Sat, Dec 29, 2018 - Page 1 News List

Lawmakers blame system for high premier turnover

By Hsieh Chun-lin and Jonathan Chin  /  Staff reporter, with staff writer

Democratic Progressive Party Legislator Lee Chun-yi attends a meeting of the Legislative Yuan’s Judiciary and Organic Laws and Statutes Committee in Taipei on Oct. 29.

Photo: Hsieh Chun-lin, Taipei Times

The high turnover of premiers is indicative of constitutional flaws, Democratic Progressive Party (DPP) and Chinese Nationalist Party (KMT) lawmakers said on Thursday.

The remarks came after Taipei Mayor Ko Wen-je (柯文哲), asked to comment on reports that Premier William Lai (賴清德) intends to resign over the DPP’s losses in the Nov. 24 nine-in-one elections, quoted former DPP legislator Lin Cho-shui (林濁水) as saying that in Taiwan, a premier serves an average of 1.3 years before being dismissed and that the turnover has been detrimental to good governance over the past two decades.

“This is a constitutional crisis for Taiwan and frankly no president can do a good job with the Constitution the nation has,” Ko said.

In the current semi-presidential system, the president names the premier without having to seek the approval of the Legislative Yuan. This has led to criticism that the president enjoys all the power and does not have to answer to the legislature, while the premier has no real power, but must bear the brunt of opposition to major policies of the administration.

DPP caucus convener Lee Chun-yi (李俊俋) said that institutional factors have contributed to the high turnover rate of premiers.

Presidents often fire premiers to show that they are responding to the public’s demands, he said, citing as examples the resignations of former premiers Liu Chao-shiuan (劉兆玄) and Jiang Yi-huah (江宜樺) after Typhoon Morakot in 2009 and the KMT’s electoral losses in 2014 respectively.

“Things of this nature are becoming a regular occurrence worldwide, and the problem should be addressed on the institutional level,” Lee said.

There is a global trend of people quickly losing patience with their governments, and presidents now have to seize the first years of their terms as a narrow window of opportunity to get things done, DPP Legislator Chuang Ruei-hsiung (莊瑞雄) said.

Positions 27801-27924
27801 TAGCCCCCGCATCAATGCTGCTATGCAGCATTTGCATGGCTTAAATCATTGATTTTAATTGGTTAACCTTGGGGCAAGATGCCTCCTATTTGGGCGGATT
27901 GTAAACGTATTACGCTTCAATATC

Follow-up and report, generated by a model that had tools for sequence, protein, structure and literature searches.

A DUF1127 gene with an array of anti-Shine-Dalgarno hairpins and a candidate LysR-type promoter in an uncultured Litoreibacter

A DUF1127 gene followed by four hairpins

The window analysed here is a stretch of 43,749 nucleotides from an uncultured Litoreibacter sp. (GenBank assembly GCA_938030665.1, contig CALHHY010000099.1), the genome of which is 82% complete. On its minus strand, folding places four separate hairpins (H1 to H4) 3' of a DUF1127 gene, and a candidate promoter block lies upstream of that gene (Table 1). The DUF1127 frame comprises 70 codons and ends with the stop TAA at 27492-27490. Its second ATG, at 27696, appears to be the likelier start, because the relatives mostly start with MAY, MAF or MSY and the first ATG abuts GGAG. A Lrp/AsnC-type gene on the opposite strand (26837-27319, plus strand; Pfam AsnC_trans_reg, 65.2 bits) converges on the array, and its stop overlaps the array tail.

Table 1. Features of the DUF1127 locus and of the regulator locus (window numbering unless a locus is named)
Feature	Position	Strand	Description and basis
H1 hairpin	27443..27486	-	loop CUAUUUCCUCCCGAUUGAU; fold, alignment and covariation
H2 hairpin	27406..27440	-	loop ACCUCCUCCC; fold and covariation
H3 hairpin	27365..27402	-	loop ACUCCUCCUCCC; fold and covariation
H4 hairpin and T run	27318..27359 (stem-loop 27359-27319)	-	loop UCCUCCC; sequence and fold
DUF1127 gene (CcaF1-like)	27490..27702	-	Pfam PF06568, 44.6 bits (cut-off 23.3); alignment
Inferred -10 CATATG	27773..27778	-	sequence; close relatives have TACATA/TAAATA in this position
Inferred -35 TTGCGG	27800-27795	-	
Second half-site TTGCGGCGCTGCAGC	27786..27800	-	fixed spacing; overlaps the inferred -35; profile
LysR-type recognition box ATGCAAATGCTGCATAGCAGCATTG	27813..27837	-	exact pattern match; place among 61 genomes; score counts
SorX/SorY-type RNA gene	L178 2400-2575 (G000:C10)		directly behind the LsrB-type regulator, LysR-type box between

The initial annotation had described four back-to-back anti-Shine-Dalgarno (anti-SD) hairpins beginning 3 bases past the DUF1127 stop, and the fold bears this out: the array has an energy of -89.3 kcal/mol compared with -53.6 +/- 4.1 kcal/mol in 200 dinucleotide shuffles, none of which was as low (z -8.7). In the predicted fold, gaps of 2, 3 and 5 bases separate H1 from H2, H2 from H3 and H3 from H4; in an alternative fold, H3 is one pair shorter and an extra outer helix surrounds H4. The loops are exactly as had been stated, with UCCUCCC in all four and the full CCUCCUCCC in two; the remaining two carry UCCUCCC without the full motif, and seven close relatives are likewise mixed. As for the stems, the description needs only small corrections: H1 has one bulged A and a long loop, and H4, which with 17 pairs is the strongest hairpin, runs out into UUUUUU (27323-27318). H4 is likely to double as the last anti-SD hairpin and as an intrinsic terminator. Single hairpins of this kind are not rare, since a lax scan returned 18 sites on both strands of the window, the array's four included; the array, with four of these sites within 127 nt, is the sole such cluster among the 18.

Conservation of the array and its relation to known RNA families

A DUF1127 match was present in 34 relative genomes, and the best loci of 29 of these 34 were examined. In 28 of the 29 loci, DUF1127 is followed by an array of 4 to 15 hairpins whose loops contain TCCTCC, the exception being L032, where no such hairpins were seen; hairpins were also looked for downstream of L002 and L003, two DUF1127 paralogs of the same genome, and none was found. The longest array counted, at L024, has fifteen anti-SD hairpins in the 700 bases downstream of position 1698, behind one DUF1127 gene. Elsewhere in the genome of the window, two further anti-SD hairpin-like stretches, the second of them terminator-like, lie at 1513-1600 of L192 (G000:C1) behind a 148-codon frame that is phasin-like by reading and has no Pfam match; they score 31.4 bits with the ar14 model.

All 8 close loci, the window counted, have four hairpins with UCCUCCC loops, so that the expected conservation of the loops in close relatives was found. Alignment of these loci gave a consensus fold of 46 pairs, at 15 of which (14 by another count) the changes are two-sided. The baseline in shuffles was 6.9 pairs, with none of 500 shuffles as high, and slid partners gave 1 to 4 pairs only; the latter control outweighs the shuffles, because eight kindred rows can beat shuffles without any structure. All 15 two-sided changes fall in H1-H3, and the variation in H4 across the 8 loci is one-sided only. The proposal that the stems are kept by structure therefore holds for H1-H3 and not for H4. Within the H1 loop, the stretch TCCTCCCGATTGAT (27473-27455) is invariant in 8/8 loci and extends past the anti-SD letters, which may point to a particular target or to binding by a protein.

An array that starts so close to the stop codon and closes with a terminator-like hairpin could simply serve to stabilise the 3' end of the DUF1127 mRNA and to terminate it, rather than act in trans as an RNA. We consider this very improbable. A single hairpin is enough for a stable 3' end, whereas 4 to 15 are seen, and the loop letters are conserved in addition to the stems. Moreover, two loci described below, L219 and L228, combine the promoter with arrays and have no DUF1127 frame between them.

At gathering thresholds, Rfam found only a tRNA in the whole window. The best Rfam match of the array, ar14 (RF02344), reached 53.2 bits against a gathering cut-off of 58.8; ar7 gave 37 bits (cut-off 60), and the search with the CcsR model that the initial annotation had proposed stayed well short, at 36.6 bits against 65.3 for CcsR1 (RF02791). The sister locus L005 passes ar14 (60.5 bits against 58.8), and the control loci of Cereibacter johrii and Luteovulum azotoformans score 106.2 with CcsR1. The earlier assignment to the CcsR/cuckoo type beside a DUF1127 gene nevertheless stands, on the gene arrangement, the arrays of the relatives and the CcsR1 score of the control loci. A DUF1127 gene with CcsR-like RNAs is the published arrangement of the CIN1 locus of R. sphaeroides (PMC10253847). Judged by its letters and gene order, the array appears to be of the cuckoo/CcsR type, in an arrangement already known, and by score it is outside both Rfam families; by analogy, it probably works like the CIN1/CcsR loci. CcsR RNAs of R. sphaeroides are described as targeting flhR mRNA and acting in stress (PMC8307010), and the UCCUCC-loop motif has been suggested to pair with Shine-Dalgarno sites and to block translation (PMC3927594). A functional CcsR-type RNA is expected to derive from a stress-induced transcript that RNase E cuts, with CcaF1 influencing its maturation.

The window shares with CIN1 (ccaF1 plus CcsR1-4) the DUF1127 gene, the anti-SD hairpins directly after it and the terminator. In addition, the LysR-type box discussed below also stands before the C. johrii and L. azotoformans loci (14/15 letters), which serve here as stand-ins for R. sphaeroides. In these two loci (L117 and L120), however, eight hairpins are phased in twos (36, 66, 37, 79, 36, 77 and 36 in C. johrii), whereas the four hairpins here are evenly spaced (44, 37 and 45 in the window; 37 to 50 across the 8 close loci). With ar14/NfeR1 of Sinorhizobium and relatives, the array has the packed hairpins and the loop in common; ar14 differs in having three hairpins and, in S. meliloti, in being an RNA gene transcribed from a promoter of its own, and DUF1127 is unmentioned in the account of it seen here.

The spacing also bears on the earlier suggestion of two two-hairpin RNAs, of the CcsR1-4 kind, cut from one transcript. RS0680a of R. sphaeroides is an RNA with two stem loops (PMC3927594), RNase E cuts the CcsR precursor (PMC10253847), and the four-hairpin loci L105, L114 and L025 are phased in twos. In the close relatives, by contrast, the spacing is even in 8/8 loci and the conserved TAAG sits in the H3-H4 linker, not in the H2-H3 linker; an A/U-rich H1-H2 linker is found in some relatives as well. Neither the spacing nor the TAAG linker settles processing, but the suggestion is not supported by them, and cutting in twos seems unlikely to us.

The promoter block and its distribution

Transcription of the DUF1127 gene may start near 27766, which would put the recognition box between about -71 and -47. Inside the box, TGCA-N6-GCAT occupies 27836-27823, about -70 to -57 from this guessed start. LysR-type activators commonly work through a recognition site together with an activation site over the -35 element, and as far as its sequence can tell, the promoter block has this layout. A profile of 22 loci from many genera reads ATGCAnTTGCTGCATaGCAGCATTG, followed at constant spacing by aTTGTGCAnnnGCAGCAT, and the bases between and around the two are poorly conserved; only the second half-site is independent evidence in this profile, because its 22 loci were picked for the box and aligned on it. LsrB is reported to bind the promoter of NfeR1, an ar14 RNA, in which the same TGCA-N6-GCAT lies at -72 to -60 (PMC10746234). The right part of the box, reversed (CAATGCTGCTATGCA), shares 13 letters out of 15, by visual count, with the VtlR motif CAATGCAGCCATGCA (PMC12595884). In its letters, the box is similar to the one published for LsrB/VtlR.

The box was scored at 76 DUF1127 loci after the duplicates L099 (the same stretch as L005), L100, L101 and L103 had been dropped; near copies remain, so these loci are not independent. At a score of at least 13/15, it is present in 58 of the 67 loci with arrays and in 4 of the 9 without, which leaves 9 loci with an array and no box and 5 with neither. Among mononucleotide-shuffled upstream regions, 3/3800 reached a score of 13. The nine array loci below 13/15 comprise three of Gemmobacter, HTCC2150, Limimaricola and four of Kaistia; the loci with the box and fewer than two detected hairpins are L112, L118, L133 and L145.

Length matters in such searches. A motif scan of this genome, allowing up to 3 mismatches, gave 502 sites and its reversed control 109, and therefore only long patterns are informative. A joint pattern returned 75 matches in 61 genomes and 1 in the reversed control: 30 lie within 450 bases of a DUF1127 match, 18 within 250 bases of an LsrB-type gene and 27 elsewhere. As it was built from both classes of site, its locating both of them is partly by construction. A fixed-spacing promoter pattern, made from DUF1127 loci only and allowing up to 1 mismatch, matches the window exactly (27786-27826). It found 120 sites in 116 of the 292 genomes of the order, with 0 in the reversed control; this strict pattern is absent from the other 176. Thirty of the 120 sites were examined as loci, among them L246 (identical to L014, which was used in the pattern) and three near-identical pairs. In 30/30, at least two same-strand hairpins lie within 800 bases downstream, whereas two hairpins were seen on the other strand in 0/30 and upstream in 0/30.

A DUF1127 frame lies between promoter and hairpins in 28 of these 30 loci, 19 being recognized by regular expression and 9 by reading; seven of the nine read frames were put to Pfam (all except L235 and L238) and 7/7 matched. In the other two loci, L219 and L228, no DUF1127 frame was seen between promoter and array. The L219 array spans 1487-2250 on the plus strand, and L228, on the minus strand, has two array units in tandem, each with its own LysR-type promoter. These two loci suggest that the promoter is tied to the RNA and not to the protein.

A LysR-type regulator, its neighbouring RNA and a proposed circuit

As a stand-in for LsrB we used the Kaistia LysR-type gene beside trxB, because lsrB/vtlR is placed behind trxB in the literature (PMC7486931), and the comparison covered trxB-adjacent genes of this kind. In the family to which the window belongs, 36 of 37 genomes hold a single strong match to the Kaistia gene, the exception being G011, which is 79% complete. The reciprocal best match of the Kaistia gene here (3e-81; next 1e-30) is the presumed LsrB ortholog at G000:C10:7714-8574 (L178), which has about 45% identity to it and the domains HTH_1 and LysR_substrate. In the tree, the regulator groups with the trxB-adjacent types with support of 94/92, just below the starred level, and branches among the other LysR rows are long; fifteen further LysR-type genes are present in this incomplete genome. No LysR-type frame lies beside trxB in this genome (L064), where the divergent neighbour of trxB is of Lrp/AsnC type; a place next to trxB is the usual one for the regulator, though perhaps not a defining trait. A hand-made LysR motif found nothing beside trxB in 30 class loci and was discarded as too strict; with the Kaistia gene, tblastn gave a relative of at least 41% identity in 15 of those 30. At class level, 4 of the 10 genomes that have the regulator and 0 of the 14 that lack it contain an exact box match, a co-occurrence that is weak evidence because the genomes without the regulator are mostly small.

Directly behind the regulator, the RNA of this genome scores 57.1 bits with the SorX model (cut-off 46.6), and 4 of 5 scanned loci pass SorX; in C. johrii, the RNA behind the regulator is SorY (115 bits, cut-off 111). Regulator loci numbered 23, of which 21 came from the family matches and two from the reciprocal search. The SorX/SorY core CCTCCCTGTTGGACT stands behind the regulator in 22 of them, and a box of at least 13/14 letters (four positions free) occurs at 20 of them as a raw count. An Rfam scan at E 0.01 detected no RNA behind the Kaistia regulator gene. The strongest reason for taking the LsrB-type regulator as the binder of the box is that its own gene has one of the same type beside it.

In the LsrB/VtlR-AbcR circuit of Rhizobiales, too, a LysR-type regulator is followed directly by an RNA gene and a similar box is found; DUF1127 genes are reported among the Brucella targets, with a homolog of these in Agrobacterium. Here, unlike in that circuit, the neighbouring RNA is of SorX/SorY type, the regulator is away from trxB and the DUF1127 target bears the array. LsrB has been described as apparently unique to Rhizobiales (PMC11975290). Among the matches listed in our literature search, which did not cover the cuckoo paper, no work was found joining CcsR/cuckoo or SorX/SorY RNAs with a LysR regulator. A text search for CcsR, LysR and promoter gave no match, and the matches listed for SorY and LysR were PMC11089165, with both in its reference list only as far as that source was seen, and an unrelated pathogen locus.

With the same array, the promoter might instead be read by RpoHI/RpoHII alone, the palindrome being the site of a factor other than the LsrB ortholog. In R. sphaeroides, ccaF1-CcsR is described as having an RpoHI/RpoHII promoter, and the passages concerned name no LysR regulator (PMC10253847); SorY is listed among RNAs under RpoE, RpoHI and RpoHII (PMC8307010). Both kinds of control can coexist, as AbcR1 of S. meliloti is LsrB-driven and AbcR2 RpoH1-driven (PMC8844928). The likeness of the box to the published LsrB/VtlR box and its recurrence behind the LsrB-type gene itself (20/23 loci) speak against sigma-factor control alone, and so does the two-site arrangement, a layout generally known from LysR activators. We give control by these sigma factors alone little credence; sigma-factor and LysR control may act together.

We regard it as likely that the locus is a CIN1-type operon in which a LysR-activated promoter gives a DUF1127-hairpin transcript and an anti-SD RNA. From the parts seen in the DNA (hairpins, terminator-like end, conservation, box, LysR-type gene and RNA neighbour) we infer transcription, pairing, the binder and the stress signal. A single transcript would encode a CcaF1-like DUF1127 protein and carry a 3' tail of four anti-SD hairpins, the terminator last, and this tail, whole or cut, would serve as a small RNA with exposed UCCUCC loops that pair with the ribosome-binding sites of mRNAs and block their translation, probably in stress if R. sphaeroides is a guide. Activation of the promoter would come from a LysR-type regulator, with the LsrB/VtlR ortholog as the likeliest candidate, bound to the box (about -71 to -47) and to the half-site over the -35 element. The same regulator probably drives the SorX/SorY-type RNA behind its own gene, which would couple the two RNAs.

“As polls have shown, presidents and premiers have to respond to the public quickly,” he said.

The high turnover of premiers is counterproductive, as each incoming premier has to take the time to familiarize themselves with ongoing issues and the intricacies of government before being useful, DPP Legislator Hsu Chih-chieh (許智傑) said.

“Ko did not need to look at the central government to know this; his own city government is as good an example as any,” he said.

A parliamentary system could be better for Taiwan, KMT Legislator Jason Hsu (許毓仁) said.

“The semi-presidential system is to blame for the current situation, in which the president has power without accountability and the premier has accountability without power,” he said.

Like voters in other democracies, Taiwanese expect more from their government than before, but the nation’s bureaucracy is struggling to operate under fiscal and personnel constraints, KMT caucus secretary-general William Tseng (曾銘宗) said.

Public frustration due to unmet expectations and “institutional problems unique to Taiwan” are the causes of the rapid turnover of the nation’s premiers, not flaws with the Constitution, he said.

The problem lies not with the Constitution, but inept presidents, KMT Legislator John Wu (吳志揚) said, adding that a weak president would need to sacrifice premiers to bolster their credibility.

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